The physical traits used to distinguish chicken breeds are size, plumage color, comb type, skin color, number of toes, amount of feathering, egg color, and place of origin. They are also roughly divided by primary use, whether for eggs, meat, or ornamental purposes, and with some considered to be dual-purpose. In the 21st century, chickens are frequently bred according to predetermined breed standards set down by governing organizations. The first of such standards was the British Poultry Standard, which is still in publication today.
Humans make use of many other animal species for food, including meat, milk, and eggs; for materials, such as leather and wool; as pets; and as working animals for power and transport. Dogs have been used in hunting, while many terrestrial and aquatic animals are hunted for sport. Non-human animals have appeared in art from the earliest times and are featured in mythology and religion. The word "animal" comes from the Latin, meaning having breath, having soul or living being. The biological definition includes all members of the kingdom Animalia.
quailsOld World quailtrue quail
Quail eggs. Domesticated quail.
Digestive system: digestion and processing food with salivary glands, esophagus, stomach, liver, gallbladder, pancreas, intestines, colon, rectum and anus. Endocrine system: communication within the body using hormones made by endocrine glands such as the hypothalamus, pituitary gland, pineal body or pineal gland, thyroid, parathyroids and adrenals, i.e., adrenal glands. Excretory system: kidneys, ureters, bladder and urethra involved in fluid balance, electrolyte balance and excretion of urine.
bone tissuecancellous bonecortical bone
A bone is a rigid organ that constitutes part of the vertebrate skeleton. Bones support and protect the various organs of the body, produce red and white blood cells, store minerals, provide structure and support for the body, and enable mobility. Bones come in a variety of shapes and sizes and have a complex internal and external structure. They are lightweight yet strong and hard, and serve multiple functions.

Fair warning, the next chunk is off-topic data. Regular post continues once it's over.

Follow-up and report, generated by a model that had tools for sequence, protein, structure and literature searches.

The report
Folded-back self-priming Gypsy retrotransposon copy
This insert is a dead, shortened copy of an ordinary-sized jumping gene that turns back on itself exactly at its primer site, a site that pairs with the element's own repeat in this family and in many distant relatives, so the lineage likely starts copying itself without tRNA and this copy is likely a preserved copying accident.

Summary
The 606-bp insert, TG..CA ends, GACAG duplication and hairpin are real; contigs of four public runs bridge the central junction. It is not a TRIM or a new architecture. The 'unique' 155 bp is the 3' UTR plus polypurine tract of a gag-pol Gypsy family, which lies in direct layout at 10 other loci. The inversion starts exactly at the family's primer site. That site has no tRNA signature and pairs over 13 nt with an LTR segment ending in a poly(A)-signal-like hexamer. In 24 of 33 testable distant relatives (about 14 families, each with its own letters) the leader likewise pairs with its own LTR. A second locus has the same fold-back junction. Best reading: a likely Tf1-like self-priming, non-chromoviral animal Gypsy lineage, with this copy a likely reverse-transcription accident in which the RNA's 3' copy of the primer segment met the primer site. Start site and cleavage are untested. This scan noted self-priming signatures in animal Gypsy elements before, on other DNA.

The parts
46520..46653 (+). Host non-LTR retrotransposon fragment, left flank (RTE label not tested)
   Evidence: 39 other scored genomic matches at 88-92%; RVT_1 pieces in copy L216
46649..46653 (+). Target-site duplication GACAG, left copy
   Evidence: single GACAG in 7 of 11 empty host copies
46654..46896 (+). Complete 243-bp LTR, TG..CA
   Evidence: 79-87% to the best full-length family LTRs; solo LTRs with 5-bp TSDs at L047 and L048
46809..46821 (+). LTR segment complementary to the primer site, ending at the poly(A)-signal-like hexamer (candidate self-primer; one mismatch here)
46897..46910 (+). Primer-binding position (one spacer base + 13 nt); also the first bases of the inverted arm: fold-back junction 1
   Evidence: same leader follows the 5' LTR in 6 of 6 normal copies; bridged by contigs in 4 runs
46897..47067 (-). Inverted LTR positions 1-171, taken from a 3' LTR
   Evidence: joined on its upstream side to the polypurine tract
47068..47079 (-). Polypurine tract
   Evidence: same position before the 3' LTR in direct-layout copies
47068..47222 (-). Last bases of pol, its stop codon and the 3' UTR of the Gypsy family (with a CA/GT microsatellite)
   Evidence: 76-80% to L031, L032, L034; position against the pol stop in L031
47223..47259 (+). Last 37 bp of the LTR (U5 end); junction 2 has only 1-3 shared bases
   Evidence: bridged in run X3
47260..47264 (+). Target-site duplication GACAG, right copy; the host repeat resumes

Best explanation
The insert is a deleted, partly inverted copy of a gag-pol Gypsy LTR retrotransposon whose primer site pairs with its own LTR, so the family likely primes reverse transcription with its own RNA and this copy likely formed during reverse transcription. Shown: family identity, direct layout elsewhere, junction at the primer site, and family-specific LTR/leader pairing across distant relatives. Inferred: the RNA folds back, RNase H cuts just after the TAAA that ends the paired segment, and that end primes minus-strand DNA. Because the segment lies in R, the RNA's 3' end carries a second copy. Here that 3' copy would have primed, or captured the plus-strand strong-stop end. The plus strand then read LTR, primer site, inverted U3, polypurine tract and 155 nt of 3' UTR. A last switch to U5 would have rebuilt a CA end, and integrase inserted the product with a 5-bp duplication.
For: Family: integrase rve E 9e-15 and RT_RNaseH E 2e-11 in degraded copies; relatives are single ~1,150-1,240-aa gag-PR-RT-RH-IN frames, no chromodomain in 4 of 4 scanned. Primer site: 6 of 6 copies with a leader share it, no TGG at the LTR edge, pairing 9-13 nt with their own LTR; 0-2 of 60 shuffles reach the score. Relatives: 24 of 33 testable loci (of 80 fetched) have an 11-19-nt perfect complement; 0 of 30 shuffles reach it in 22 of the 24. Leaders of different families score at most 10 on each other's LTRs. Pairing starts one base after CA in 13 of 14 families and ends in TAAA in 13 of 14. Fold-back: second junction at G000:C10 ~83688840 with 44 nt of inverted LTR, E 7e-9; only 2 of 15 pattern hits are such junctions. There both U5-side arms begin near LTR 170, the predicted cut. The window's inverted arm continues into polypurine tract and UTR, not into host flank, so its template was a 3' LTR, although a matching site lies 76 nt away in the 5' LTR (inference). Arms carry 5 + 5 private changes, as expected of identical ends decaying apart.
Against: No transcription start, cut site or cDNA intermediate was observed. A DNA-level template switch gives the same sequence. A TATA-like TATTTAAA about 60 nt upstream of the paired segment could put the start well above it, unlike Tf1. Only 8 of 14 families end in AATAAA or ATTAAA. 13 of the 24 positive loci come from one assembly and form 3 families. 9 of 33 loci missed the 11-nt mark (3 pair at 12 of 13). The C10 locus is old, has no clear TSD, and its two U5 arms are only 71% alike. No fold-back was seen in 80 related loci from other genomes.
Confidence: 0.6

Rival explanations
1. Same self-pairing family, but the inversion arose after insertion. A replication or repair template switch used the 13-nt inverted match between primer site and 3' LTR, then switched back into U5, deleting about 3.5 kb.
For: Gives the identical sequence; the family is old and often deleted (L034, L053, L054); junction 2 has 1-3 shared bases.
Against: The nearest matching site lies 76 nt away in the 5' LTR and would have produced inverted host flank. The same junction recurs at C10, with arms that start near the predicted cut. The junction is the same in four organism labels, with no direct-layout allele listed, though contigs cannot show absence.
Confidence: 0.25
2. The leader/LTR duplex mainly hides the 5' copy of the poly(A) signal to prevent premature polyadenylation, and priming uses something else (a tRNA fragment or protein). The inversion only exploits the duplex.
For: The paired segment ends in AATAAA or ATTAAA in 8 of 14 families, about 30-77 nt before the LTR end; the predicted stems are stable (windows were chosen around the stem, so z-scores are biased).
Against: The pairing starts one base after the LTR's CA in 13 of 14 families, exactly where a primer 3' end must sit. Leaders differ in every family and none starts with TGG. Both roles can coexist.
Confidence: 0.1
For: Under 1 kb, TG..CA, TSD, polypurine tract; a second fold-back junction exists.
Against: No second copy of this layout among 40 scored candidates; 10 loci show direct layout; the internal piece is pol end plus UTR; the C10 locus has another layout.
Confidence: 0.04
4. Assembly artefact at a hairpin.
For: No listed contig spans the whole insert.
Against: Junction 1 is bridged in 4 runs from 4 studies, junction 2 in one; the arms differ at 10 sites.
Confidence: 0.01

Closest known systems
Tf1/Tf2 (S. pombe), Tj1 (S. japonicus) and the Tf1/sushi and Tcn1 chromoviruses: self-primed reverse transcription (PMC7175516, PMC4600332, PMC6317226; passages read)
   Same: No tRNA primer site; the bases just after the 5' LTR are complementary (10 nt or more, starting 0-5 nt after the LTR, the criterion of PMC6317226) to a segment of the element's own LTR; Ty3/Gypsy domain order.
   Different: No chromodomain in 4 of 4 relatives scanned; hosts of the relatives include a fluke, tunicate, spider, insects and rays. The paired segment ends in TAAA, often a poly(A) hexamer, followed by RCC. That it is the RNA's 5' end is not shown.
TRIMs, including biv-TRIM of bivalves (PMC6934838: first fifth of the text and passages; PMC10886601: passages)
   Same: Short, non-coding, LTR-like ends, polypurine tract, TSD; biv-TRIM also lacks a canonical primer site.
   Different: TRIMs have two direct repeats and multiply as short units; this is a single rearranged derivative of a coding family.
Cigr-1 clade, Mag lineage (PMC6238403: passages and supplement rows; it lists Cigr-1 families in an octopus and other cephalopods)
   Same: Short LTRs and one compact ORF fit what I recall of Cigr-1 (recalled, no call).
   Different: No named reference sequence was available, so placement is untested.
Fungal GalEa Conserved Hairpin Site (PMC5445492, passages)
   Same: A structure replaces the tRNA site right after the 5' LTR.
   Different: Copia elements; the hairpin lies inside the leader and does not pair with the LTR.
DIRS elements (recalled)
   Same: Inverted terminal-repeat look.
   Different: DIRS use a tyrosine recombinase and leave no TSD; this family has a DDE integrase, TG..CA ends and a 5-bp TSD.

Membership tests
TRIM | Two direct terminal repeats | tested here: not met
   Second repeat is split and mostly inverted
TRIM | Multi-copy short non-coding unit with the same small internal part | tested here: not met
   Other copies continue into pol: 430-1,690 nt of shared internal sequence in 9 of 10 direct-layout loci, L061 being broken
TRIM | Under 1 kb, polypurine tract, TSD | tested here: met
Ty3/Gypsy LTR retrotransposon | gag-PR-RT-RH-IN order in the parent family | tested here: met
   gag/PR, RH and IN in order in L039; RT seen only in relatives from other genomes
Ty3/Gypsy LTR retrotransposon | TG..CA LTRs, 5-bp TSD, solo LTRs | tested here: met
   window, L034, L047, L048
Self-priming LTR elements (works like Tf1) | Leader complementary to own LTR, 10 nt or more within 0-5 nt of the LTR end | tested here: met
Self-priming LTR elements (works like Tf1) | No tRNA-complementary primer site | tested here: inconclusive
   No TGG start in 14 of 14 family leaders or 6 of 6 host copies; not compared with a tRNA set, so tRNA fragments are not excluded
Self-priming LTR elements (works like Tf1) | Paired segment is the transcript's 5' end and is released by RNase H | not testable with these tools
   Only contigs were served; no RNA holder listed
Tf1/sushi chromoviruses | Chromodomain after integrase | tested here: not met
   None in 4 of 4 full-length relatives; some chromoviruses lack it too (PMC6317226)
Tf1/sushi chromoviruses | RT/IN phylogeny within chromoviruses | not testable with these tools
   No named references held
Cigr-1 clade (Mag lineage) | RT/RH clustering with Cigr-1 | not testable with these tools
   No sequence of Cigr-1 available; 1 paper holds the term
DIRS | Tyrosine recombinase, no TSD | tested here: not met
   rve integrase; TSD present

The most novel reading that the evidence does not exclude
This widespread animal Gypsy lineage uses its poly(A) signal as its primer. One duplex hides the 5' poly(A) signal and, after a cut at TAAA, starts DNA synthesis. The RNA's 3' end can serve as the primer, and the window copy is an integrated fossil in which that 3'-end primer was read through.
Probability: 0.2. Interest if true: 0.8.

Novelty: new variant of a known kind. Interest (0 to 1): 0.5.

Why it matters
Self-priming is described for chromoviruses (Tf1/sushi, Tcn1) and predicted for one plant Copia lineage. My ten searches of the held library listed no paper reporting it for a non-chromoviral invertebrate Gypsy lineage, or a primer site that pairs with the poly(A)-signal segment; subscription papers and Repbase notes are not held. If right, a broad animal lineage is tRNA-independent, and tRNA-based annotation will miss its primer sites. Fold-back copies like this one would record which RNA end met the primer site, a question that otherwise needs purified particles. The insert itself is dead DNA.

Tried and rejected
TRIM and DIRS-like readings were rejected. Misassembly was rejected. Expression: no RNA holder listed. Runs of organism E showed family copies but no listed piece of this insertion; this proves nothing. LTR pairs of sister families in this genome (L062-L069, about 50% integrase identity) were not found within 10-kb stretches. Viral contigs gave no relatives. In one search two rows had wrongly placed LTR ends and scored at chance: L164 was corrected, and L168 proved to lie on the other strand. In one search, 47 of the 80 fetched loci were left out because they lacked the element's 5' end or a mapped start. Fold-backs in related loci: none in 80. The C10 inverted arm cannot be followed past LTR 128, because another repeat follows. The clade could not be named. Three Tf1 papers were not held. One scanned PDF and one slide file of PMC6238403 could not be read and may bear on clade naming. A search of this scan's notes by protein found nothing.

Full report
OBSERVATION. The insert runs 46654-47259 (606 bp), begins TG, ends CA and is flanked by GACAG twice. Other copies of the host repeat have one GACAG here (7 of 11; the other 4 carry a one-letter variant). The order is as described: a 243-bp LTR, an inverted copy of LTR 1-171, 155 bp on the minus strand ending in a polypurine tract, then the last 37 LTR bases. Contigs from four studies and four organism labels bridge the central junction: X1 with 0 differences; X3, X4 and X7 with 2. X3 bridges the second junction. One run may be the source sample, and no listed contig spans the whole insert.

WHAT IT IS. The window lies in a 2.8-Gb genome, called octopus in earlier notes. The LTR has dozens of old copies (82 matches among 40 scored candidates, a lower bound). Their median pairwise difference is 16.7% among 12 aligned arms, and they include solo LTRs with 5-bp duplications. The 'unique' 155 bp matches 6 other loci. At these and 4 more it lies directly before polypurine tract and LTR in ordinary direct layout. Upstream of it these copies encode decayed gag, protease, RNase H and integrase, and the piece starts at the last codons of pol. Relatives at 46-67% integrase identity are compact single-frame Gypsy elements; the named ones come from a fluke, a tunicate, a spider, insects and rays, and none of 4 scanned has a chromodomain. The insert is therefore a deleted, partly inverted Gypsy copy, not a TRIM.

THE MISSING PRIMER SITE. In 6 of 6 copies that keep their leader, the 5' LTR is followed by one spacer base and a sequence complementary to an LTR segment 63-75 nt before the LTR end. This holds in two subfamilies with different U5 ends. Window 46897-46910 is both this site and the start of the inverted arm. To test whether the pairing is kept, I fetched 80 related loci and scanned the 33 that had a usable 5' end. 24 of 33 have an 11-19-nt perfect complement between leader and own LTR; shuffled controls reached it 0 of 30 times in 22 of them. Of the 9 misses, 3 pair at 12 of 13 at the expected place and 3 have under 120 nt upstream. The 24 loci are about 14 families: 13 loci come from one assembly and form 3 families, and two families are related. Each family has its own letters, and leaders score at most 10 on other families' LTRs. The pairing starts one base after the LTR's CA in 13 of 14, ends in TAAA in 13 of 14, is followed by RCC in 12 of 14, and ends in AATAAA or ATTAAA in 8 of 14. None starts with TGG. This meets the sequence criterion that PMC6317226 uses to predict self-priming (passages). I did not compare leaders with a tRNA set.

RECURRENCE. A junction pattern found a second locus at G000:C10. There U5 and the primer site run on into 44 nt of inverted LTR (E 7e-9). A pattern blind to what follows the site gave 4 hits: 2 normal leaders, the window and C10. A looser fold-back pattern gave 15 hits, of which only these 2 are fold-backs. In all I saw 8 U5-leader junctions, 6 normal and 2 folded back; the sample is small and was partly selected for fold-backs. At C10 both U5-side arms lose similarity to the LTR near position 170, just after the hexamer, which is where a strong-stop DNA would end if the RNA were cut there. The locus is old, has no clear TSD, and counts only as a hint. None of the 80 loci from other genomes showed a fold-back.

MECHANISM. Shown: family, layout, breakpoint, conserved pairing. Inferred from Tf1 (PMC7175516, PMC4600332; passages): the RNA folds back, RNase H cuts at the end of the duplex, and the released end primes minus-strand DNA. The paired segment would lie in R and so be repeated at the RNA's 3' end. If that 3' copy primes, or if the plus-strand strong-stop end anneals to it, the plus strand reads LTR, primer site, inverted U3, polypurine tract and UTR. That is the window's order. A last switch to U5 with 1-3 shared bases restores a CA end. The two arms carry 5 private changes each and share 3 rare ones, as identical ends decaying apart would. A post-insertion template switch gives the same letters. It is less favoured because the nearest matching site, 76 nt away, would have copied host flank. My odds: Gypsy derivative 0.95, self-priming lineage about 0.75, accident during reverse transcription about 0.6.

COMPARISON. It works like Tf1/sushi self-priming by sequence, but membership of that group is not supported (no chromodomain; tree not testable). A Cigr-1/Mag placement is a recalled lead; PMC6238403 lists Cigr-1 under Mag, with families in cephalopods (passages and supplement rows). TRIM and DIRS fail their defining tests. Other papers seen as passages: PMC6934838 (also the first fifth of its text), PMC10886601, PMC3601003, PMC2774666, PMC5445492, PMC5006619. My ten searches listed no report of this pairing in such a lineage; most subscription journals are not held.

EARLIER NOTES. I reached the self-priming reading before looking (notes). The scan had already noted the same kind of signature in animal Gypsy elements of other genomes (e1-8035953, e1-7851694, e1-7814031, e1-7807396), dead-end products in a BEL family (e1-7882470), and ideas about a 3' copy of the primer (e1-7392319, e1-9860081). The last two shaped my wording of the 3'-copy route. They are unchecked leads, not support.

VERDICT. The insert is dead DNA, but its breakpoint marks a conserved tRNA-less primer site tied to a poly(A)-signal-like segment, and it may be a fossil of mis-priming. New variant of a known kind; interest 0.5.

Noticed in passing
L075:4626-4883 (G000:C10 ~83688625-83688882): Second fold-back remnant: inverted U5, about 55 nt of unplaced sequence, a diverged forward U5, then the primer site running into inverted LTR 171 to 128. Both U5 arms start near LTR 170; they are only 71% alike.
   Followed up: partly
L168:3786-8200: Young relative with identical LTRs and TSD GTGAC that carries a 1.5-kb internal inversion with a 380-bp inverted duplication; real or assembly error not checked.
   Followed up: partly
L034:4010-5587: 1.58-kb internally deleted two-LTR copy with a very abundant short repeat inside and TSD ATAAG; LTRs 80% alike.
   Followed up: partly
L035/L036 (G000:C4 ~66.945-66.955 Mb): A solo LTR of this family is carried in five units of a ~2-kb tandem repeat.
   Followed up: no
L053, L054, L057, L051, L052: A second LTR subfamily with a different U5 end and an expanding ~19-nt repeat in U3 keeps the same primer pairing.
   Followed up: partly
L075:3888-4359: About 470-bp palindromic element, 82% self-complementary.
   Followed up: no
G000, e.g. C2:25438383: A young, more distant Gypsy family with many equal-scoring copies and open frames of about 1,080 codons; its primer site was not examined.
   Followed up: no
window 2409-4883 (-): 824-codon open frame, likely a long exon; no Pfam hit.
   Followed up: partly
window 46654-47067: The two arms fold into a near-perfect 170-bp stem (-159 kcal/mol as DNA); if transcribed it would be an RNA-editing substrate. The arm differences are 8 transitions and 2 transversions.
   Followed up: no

Further problems were lower rents and lower demand for food, both of which cut into agricultural income. Urban workers also felt that they had a right to greater earnings, and popular uprisings broke out across Europe. Among the uprisings were the jacquerie in France, the Peasants' Revolt in England, and revolts in the cities of Florence in Italy and Ghent and Bruges in Flanders. The trauma of the plague led to an increased piety throughout Europe, manifested by the foundation of new charities, the self-mortification of the flagellants, and the scapegoating of Jews.
They may prepare standard cuts of meat and poultry for sale in retail or wholesale food establishments. A butcher may be employed by supermarkets, grocery stores, butcher shops and fish markets, slaughter houses, or may be self-employed. An ancient trade, whose duties may date back to the domestication of livestock, butchers formed guilds in England as far back as 1272. Today, many jurisdictions offer trade certifications for butchers. Some areas expect a three-year apprenticeship followed by the option of becoming a master butcher. Butchery is a traditional line of work.
Carbohydrate consumed in food yields 3.87 kilocalories of energy per gram for simple sugars, and 3.57 to 4.12 kilocalories per gram for complex carbohydrate in most other foods. Relatively high levels of carbohydrate are associated with processed foods or refined foods made from plants, including sweets, cookies and candy, table sugar, honey, soft drinks, breads and crackers, jams and fruit products, pastas and breakfast cereals. Lower amounts of carbohydrate are usually associated with unrefined foods, including beans, tubers, rice, and unrefined fruit. Animal-based foods generally have the lowest carbohydrate levels, although milk does contain a high proportion of lactose.
Today, feathers used in fashion and in military headresses and clothes are obtained as a waste product of poultry farming, including chickens, geese, turkeys, pheasants, and ostriches. These feathers are dyed and manipulated to enhance their appearance, as poultry feathers are naturally often dull in appearance compared to the feathers of wild birds. Feather products manufacturing in Europe has declined in the last 60 years, mainly due to competition from Asia. Feathers have adorned hats at many prestigious events such as weddings and Ladies Day at race courses (Royal Ascot). The functional view on the evolution of feathers has traditionally focused on insulation, flight and display.